Low budgets are an unfortunate but understandable reality of fillm production but they often come with a load of passion from the creators. It feels like the only thing anyone was passionate about in this production was risk-minimisation. A lot of the minor characters seem to be there mostly because someone told the writer and director that they had to be, without there being any kind of vision for them. Lady Bertram’s character is pretty one-note until the very end, when it switches so hard it would be super popular in the kink scene. Julia gets so little to do that I’ve already forgotten what she looks like. But Michelle Ryan’s Maria is probably the worst done by. I’ve seen Michelle Ryan in other things so I know she can say things and move her face but she spends most of this film doing neither.
For all its faults, and partly because of them, this adaptation is still a fun watch and, given its short running time, it feels like quite an efficient way to squeeze in some Austen. It feels a bit like the microwave veggie chilli I sometimes get for lunch – not the real thing, obviously, but with its own charm and a nice reminder of tastier meals when I only have 20 minutes. It’s sometimes silly, with dolly zooms and Mary full-on flashing her ankle while taking tea, and very pretty to look at, making it perfect for when you’re tucked up with a cold or feeling a bit sorry for yourself. Watch this one with fruity teas and Mr Kipling cakes if you’ve just realised your sexy date-mate is a shallow prick.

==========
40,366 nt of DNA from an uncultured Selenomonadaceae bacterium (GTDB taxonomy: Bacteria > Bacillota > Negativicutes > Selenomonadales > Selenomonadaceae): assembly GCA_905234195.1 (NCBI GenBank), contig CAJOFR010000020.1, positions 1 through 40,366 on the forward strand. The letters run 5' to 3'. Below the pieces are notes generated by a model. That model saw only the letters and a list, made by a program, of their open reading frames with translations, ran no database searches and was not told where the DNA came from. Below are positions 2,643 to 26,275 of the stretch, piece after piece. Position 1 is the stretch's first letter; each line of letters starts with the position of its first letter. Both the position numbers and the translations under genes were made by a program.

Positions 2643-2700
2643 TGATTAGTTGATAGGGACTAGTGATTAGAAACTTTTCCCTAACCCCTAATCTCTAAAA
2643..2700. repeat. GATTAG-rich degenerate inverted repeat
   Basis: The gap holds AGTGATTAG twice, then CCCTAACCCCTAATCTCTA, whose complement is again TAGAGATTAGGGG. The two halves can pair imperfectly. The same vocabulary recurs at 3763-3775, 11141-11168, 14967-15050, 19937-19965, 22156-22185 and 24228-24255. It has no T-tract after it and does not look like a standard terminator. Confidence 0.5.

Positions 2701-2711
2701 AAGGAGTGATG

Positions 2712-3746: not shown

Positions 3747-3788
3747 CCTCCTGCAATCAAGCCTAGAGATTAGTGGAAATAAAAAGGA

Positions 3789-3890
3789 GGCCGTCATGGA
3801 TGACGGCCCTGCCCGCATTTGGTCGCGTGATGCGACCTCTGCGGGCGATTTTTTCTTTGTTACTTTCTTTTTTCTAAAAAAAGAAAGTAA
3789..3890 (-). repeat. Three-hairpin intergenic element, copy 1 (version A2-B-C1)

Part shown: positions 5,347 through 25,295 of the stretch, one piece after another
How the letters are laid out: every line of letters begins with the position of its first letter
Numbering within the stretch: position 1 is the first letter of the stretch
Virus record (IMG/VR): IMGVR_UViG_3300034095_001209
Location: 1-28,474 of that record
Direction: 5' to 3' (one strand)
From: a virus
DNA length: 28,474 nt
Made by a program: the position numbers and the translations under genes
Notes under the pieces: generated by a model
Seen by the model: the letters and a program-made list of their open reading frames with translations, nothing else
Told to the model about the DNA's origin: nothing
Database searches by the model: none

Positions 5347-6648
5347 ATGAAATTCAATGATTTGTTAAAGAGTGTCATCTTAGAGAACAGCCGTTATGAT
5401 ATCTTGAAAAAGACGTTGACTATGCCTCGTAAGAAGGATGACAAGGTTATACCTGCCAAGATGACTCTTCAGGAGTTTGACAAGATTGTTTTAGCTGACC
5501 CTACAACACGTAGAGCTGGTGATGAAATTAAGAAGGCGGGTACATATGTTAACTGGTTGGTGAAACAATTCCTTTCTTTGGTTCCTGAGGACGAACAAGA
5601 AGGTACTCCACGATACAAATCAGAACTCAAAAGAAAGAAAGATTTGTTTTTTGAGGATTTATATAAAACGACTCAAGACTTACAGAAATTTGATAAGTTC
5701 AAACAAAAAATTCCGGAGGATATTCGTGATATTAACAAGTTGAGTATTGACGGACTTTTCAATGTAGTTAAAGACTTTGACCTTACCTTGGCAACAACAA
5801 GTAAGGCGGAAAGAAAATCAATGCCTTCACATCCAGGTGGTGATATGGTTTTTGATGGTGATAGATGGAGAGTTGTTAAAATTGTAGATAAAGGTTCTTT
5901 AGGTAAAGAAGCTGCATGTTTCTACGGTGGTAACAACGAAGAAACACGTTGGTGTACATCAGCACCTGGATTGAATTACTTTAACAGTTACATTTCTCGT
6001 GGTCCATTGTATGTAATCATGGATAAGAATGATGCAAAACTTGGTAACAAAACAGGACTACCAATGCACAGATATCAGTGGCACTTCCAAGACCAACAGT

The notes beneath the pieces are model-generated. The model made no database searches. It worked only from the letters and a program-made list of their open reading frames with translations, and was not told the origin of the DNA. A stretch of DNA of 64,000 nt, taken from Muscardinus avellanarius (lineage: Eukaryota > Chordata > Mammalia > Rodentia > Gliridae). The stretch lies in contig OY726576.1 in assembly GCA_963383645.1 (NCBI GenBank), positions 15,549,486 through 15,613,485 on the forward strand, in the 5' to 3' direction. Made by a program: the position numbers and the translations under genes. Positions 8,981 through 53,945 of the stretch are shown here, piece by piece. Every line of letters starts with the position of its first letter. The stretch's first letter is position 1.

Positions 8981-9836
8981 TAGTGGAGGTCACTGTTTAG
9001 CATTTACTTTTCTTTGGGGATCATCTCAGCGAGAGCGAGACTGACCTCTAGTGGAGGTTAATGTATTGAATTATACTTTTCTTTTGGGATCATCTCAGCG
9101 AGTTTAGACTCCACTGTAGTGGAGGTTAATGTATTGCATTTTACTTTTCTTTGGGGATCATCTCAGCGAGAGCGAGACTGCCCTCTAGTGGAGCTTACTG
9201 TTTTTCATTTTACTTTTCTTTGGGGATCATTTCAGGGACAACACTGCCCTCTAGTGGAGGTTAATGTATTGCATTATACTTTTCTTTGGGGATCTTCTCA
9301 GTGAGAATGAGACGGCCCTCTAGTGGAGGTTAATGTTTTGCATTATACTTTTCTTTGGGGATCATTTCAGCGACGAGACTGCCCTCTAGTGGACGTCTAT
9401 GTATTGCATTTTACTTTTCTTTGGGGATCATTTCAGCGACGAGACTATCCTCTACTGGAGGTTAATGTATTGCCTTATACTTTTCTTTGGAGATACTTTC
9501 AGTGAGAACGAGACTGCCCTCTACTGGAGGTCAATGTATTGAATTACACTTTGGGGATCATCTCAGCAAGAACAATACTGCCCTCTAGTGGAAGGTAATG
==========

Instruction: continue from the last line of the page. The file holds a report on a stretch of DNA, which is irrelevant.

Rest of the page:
If this film were a person, it would be your fun, quick-witted friend at high school, who offers to help you study for a literature exam and doesn’t let the fact that they’ve only read 80% of the Cliff’s notes hold them back. They’ll have plenty of convincing thoughts on a story that’s pretty engaging and is, to be fair, quite similar to the one you’re actually being tested on. And you might just get away with it, as long as none of the questions ask you or about any of the minor characters, or the several important chapters in the middle that your friend forgot to mention.
Likeability of leading lady 4/5
Billie Piper is very charismatic and absolutely nothing like Fanny Price.
Sexiness of leading man 3/5
Blake Ritson doesn’t do it for me personally, but he does brood nicely.
Sharpness of side characters 2/5